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Pain management has been chosen as the aspect of care. It is the symptom that the writer has been confronted with very often in her daily work with palliative patients; this has been very distressing for carers, patients and family. Various assessments were explored to measure pain and whether they would be more effective than the assessment tool used to assess Mrs Patel. The aim is to give a rationale for the management strategies that are in use to control pain, in order to be able to deliver more effective care, support and information to patients and families in end-of-life care.
NICE (2004) advocates the use of the Liverpool Pathway for dying patients to ensure that all patients are afforded optimal palliative care. Pearce and Duffy (2005) and Fisher (2006) explain that diagnosing end-of-life care is potentially more difficult in patients with diseases other than cancer.
.All patients approaching the end of life need to have their needs assessed, their wishes and preferences discussed and an agreed set of action reflecting the choices they make about their care recorded in their care plan. The care plan should be subject to review as and when the patient’s condition or wishes change (DOH 2009).
The Initial Pain Assessment Tool (Appendix 1) used in the community setting will be used to assess Mrs Patel. This tool will give a base line and a thorough knowledge of her condition and how to help control her pain. After the first assessment Mrs Patel was found to be competent and able to communicate, in this case she became the most reliable assessor of pain and where possible the prime judge of her pain (GAIN, 2011).
NICE (2004) and the Department of Health (2009) end-of-life strategy advocates the use of necessary tools and an integrated approach to assessment and care between disciplines in order to support patients and their families.
The writer reviewed the literature for pain assessment tools and found there were many scales and methods of assessing pain. The use of the Initial Pain Assessment Tool has already revealed the clinical history of Mrs Patel. Regular review to determine the effectiveness of treatment is very important.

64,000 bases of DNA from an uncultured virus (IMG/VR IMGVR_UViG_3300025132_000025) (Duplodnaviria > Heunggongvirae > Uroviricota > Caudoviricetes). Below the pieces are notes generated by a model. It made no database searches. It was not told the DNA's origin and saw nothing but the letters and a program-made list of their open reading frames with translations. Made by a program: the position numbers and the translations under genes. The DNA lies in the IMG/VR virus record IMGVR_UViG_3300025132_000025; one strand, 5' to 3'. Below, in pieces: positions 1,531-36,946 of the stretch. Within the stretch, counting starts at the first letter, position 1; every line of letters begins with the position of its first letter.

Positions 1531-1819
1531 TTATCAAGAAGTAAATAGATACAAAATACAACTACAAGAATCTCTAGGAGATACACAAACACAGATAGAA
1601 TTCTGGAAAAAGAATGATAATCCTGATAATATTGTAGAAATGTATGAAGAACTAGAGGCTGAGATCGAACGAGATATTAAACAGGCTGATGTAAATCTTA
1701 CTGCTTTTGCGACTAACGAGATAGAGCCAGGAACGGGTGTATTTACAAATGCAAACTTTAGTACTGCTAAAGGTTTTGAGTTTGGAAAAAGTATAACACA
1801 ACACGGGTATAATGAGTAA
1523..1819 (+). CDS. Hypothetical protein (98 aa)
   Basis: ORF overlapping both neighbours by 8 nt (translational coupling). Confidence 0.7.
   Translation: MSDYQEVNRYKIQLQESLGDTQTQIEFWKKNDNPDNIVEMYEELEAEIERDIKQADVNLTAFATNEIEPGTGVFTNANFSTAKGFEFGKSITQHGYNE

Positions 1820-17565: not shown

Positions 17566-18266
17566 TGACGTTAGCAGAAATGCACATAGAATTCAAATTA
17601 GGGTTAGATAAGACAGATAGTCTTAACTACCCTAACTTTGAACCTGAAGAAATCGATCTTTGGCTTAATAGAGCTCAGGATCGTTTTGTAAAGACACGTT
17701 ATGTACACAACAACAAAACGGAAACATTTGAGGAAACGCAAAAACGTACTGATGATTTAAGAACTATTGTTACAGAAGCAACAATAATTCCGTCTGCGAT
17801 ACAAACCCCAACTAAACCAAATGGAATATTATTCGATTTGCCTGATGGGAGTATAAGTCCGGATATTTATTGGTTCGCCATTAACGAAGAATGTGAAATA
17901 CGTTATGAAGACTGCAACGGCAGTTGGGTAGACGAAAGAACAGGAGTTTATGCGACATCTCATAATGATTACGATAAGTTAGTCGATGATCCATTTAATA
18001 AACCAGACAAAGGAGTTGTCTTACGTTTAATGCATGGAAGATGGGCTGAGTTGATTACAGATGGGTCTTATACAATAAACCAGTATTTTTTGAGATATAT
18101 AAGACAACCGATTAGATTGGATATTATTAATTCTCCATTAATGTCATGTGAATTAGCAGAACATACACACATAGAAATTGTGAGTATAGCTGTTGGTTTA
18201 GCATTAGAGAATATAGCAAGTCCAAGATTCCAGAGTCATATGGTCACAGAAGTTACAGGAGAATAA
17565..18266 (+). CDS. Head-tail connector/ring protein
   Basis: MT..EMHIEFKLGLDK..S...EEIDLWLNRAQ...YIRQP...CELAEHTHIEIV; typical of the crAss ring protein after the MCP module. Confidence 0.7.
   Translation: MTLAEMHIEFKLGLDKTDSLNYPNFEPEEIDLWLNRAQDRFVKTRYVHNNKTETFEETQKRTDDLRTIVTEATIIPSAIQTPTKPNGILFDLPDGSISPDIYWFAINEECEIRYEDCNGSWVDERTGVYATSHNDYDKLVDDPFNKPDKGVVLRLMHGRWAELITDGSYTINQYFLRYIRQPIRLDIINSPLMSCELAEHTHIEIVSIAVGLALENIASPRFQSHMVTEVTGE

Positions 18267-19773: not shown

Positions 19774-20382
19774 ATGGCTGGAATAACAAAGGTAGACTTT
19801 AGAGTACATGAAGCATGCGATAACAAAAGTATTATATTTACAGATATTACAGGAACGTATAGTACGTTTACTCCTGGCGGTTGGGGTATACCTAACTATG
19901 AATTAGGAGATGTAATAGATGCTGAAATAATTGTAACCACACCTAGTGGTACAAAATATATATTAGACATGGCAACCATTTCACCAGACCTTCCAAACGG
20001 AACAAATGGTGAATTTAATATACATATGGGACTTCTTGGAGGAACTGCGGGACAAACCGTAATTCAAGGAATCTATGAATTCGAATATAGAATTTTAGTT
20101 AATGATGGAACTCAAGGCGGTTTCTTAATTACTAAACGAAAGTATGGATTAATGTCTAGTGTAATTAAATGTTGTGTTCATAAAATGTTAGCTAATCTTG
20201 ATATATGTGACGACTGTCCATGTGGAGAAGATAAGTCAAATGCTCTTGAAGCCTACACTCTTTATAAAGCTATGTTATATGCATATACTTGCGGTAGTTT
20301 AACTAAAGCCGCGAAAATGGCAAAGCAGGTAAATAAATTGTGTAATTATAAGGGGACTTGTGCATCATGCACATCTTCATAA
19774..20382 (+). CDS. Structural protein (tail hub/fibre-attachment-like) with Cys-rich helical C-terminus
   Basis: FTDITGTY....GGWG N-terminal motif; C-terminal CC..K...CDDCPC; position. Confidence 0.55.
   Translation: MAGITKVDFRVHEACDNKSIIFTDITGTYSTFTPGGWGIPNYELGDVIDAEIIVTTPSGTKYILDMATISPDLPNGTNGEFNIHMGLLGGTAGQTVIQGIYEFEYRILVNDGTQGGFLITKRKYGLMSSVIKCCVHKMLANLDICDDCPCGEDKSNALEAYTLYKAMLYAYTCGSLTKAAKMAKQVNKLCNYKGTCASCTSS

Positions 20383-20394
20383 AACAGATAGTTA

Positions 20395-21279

The frequency of review depends upon the severity of the pain associated with distress. In patients where it is difficult to assess the response to interventions, a
pain assessment chart may be helpful. Many different pain assessment tools are available, with no universally accepted tool.
Other tools may include the 11-point Numerical Rating Scale, a simple and commonly used tool. McGill Pain Questionnaire (MPQ) Melzack (1987), is a valid and comprehensive, multi-dimensional pain assessment tool, providing a list of descriptive words to help the individual to express their pain. A body chart is a quick visual aid for both patient and professional and Faces Pain Scale, this uses faces to score pain, Brief Pain Inventory (BPI) (Appendix 2) (McCaffery and Pasero 1999), the Hospital Anxiety and Depression (HAD) Scale (Zigmond&Snaith 1983).
The BPI has been used extensively in research, with questions focussing on pain during the past 24 hours. The HAD scale is often used with a pain assessment scale, as depression commonly co-exists with pain. The HAD tool consists of 14 questions, seven anxieties related and seven depressions related. A score of eight or more is significant and 11or more is highly significant of a depressive complaint.
The MPQ measures pain on a multi-dimensional scale, which includes sensory, affective and cognitive aspects. Although the use of MPQ scale may appear time consuming to complete, it is essential to determine appropriate treatment regiments.
It is also important to determine the patient’s understanding and explanations for their pain, and to explore the individual’s expectations of proposed treatment. This is
vital if healthcare professionals are to collaborate with patients with pain, over what is likely to be a long period (Mackintosh 2005, Allock et al 2007).
People with cancer like Mrs Patel should be assessed using a formalised pain assessment tool which reflects the multidimensional nature of pain, an example being the Brief Pain Inventory (Cleeland, 2004). This will provide the opportunity to identify and record each individual site of pain experienced by the patient and its impact. The assessment should include the effectiveness of any pain management strategies employed (SIGN, 2000).
Fear, anxiety, depression and a lack of sleep have been reported as increasing pain and suffering in people with cancer (Anderson, 2003), Portenoy, 1994). A comprehensive pain assessment should include the personal and social influences that determine how pain is experienced and perceived (Miaskowski, 2005